Illegal logging spurs anti-poaching moves

Illegal logging spurs anti-poaching moves

The Ministry of Natural Resources and Environment will set up more logging inspection spots in three provinces to prevent illegal logging facilitated by a loophole in a newly approved forestry law that permits individuals to cut precious trees down on their own property.

The Frontline Forest Protection Unit, an anti-poaching work force, will be deployed along key traffic routes and near forest area checkpoints in Nan, Lampang and Phrae, three provinces rich in both public and private forests.

"We are aware there is a higher possibility of illegally logged timber in forest areas so we will establish this frontline unit to suppress [such activities] by focusing on risky areas," said Gen Surasak Kanjanarat, the minister of natural resources and environment.

"We will use an efficient task force combined with forestry officials and military personnel to ramp up patrols in high-risk areas to save our precious trees. Advanced technology will be introduced for even better results," he added.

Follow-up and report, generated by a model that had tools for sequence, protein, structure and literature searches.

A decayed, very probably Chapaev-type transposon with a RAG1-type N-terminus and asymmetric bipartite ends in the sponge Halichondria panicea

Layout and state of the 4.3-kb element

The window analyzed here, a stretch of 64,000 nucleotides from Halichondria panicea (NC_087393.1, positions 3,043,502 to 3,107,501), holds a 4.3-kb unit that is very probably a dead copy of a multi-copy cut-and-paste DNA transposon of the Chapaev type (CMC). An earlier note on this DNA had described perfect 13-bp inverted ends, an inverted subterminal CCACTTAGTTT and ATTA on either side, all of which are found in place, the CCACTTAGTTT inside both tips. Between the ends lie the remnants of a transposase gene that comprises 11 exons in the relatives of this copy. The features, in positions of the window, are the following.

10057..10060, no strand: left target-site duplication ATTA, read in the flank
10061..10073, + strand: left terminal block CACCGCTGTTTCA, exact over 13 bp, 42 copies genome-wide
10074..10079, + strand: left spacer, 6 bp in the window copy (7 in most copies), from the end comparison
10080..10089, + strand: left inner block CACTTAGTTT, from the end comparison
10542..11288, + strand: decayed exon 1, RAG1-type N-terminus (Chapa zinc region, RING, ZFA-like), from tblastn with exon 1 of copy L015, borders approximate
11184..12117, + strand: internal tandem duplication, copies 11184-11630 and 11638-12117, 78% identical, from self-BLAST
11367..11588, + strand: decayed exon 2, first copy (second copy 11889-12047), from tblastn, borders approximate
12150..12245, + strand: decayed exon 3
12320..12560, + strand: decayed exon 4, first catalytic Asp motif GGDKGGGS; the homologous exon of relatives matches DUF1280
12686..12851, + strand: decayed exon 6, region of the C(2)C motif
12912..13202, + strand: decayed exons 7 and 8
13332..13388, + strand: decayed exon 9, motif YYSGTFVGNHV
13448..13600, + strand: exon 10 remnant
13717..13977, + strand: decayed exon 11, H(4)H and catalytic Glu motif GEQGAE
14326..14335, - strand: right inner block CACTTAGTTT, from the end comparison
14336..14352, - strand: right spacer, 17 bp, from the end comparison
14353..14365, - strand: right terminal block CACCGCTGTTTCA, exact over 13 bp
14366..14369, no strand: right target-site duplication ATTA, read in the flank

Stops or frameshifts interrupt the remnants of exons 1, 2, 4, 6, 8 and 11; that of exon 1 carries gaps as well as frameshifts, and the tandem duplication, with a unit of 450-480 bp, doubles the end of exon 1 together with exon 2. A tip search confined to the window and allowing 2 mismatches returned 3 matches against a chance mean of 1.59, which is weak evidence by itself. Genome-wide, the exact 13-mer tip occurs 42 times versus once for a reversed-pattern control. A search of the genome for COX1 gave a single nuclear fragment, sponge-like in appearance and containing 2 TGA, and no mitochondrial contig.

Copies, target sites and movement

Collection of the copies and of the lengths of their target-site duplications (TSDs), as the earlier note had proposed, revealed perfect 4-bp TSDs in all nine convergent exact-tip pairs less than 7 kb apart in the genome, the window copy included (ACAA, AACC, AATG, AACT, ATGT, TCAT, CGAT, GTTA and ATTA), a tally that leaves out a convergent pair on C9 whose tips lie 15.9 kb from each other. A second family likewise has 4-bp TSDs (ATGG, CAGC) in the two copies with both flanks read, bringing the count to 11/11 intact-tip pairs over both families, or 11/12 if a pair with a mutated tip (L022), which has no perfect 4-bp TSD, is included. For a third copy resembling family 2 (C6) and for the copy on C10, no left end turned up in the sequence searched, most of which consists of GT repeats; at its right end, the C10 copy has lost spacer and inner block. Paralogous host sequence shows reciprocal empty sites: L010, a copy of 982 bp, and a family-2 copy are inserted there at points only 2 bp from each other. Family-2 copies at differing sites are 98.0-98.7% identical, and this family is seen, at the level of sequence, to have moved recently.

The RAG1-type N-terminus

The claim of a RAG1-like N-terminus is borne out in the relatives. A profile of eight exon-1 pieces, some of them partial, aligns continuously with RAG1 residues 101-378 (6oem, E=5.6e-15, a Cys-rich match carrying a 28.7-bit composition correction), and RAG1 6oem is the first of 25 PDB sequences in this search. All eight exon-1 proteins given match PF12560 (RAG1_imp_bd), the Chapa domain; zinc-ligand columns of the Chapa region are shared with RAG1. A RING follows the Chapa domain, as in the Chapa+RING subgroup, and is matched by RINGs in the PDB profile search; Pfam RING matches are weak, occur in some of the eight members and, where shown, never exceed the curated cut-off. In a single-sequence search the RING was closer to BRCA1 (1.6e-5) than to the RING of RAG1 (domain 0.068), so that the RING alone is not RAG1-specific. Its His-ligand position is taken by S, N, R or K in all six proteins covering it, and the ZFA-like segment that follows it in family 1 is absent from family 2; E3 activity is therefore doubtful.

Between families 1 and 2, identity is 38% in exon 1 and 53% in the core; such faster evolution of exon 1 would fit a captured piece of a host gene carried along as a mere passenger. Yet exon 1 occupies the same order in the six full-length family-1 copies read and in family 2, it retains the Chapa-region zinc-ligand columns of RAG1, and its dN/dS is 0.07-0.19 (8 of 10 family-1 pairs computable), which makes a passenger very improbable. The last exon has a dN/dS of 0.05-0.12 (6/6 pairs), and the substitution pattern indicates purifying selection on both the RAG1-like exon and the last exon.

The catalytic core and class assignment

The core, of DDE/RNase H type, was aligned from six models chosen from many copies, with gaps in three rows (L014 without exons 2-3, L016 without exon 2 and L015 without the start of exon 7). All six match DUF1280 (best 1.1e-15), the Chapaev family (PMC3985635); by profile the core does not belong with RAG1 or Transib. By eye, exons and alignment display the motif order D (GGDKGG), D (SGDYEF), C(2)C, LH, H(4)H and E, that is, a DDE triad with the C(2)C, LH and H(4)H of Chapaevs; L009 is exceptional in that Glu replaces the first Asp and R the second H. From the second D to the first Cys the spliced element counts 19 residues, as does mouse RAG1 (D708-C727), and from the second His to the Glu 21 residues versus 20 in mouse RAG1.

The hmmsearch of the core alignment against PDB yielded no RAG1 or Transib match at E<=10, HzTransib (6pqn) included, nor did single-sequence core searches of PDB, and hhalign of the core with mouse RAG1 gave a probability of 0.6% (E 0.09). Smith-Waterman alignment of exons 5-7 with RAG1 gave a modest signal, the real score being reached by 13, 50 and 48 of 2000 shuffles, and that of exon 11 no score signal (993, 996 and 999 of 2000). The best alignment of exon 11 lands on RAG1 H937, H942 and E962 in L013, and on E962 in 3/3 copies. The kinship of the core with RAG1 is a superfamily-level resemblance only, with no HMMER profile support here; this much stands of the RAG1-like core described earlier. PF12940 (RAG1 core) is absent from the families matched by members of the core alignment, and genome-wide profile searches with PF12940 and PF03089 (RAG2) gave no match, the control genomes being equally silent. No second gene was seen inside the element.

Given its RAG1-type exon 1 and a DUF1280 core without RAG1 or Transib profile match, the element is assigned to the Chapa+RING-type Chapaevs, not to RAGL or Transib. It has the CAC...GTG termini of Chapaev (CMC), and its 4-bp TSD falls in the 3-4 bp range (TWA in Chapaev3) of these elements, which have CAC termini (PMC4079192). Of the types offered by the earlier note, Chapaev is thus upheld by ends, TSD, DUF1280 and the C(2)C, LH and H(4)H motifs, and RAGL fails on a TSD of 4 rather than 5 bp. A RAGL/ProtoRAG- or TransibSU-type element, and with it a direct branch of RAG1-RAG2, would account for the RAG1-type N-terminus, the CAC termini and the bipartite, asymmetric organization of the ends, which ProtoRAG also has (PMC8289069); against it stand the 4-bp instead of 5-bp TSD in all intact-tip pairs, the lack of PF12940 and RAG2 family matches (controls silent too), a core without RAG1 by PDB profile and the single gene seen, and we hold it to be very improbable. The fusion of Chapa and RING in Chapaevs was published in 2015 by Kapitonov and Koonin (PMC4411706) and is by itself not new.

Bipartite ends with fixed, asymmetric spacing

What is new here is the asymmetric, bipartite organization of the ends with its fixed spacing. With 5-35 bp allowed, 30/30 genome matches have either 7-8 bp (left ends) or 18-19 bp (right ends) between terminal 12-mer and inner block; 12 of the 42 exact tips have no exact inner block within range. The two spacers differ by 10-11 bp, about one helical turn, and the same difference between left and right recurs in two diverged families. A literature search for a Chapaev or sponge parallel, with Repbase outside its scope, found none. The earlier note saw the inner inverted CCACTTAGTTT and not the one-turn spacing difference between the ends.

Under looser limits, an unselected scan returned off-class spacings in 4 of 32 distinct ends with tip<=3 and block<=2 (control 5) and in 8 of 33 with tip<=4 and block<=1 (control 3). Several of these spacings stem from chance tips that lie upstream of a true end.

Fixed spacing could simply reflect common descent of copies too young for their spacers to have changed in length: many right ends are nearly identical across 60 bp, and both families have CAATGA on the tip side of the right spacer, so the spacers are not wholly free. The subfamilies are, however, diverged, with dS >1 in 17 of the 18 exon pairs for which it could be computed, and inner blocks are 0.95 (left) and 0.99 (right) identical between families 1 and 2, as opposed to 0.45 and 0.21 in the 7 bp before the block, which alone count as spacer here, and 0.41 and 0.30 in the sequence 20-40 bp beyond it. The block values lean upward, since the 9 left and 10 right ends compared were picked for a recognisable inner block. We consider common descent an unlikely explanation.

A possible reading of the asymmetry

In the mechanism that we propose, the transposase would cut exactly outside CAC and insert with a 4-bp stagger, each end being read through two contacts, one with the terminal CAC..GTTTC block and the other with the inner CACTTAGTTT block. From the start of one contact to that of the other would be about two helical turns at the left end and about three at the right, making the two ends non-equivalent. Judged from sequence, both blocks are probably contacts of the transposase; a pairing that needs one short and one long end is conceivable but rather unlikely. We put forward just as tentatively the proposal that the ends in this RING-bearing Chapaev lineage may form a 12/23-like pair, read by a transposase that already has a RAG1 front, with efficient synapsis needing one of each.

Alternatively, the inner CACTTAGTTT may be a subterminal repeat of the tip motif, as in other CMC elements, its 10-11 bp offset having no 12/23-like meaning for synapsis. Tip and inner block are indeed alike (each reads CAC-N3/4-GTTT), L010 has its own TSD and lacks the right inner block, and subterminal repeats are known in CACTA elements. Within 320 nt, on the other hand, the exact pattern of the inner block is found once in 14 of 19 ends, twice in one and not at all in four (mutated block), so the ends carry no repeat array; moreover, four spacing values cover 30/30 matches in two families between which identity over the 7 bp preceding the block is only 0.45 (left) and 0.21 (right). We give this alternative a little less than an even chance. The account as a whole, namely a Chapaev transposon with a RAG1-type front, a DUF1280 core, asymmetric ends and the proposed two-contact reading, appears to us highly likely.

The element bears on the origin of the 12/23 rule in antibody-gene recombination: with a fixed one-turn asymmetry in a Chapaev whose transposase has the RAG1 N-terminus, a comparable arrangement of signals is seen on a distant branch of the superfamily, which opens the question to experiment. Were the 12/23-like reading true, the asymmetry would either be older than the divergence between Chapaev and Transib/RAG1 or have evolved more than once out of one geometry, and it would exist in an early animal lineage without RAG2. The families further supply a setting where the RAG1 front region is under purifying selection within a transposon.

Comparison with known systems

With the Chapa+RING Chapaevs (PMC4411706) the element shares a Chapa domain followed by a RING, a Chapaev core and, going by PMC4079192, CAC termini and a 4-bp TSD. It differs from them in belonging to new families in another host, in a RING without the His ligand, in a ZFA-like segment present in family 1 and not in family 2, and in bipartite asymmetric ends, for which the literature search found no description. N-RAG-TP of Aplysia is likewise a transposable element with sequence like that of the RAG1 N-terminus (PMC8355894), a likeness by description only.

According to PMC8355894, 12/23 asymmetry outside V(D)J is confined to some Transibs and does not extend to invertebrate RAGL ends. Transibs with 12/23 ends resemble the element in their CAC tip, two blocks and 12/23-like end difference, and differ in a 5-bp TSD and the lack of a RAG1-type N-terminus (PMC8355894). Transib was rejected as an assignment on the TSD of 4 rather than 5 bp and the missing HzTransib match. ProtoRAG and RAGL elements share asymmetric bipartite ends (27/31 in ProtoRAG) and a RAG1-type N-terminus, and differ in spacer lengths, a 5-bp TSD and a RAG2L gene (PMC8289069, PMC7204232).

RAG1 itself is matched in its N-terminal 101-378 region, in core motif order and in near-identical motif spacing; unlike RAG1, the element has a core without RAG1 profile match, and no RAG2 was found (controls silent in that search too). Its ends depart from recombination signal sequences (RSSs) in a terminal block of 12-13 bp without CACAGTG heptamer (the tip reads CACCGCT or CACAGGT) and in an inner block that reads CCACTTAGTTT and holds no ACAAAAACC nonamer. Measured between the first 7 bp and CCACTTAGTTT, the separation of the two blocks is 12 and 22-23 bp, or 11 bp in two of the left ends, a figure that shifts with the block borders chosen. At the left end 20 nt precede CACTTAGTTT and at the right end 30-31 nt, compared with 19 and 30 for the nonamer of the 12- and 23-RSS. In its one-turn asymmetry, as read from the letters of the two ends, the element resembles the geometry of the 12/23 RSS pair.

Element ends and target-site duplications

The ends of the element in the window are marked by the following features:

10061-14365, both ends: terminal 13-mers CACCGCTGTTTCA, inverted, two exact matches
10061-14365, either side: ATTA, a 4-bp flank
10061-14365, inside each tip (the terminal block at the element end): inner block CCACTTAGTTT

The move comes after poachers were found to have been exploiting a new law aimed at promoting logging among individual tree planters, by falsely declaring trees that were poached from protected forest land and national parks.

The ministry has raised concerns about the growth of illegal timber in forest land due to the amended law.

The Department of Royal Forest also proposed amending Article 7 of the Forest Law BE 2484 which deals with "prohibited" trees on privately owned land. Authorities must grant a permit before trees can be cut down.

But the amended version defines "prohibited" trees as those found in forest land only. The new law is expected to be implemented within the next few months.

The department hoped this would encourage people to plant precious wood like Siamese rosewood on their own land. But it has been abused by thieves transplanting the trees from forests.

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